The last class of vulnerabilities to consider at this time are those with no remediation. Note that I did not specify patch. Remember that some vulnerabilities are simply misconfigurations such as a default password left in operation. The lack of remedy could simply be because a fix has not yet been developed. Or worse, a remediation might be incompatible with the system or might create other problems such as creating performance issues. In either case we're dealing with vulnerabilities with no solution in sight.

In summary, so far we're working with:

  • Severity
  • End-of-life/end-of-support software
  • Known exploited
  • Vulnerabilities with no remediation or mitigation

Let's now include some context and we have the following to get started:

  • Known Exploited Vulnerabilities for any asset or group
  • High-severity for Critical systems
  • Rated vulnerabilities for all non-Critical systems
  • Any severity above Informational (rated) for Internet-facing systems
  • End-of-life/end-of-support software by business unit

Next week, we bring this topic home when we also consider remediation/mitigation efforts.

#MetricsMonday (006) – Vulnerabilities (Part 1)

There are two critical vulnerabilities in the image, can you spot them?

Stated simply, vulnerabilities are weaknesses that attackers can exploit to gain unauthorized access or cause harm. Mitigating a vulnerability usually entails patching, updating, reconfiguring, or applying a compensating control. Sometimes though mitigation may not be possible due to a lack of a patch or because the patch might be incompatible with other parts of the system.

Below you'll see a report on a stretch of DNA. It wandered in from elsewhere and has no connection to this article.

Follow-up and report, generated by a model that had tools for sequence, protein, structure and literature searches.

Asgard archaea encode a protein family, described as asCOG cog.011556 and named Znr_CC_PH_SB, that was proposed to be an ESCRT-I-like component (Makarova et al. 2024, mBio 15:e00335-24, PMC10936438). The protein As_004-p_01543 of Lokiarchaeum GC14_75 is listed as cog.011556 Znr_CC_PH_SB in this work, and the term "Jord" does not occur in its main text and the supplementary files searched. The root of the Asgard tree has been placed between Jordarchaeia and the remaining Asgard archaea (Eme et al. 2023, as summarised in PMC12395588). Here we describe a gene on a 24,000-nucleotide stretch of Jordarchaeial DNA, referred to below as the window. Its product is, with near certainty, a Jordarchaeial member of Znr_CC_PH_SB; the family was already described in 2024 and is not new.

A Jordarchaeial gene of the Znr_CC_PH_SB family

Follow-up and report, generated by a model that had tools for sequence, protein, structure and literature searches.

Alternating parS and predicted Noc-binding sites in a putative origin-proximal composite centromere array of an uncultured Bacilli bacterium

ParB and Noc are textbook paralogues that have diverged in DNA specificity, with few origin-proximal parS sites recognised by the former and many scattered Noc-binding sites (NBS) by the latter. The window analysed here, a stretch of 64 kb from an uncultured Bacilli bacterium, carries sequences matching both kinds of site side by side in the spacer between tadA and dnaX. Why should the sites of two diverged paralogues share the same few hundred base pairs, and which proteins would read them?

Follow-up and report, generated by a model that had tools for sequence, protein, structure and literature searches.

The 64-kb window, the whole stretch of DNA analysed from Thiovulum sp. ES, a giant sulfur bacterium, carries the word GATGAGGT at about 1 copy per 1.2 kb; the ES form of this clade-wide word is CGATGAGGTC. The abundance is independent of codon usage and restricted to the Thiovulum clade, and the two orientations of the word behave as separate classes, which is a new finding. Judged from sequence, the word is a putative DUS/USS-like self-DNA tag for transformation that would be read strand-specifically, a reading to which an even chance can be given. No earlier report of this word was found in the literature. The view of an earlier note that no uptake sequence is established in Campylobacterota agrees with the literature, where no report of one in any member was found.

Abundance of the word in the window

But before we can discuss measuring vulnerabilities, we need to really understand where we are measuring them. Is uniformly measuring all assets (devices, systems, operating systems, applications, etc) appropriate? If our organization only consisted of five laptops, all running the same software for users to perform the same work, maybe. But for any reasonably sized organization, a server has greater business value than a single user's desktop. The CEO's laptop is going to have greater business value (operationally) than a receptionist's desktop. And for a final example, a public-facing system will be of greater value than a test system. In other words we must establish levels of criticality or importance to business functions.

Here are some examples of asset categories that will help to define our vulnerability metrics, keeping in mind that an asset might belong to several categories simultaneously.

  • Critical vs non-critical
  • Tier 1 (production) vs Tier-2 (supporting) vs Tier-3 (test/development)
  • Internet-facing
  • Contains sensitive data e.g. customer or financial
  • VIP users : CEO, CFO, HR managers i.e. high value targets
  • Business unit

Thinking ahead, once you apply your policies and processes to the asset groups, your work is simplified to managing these groups as assets or commissioned or decommissioned.

In reference to this post's image, the first vulnerability should be obvious, the zip tie. The second is the Master lock. While wildly popular and mainstream, they are some of the easiest to defeat.

#MetricsMonday (005) – Who has admin rights?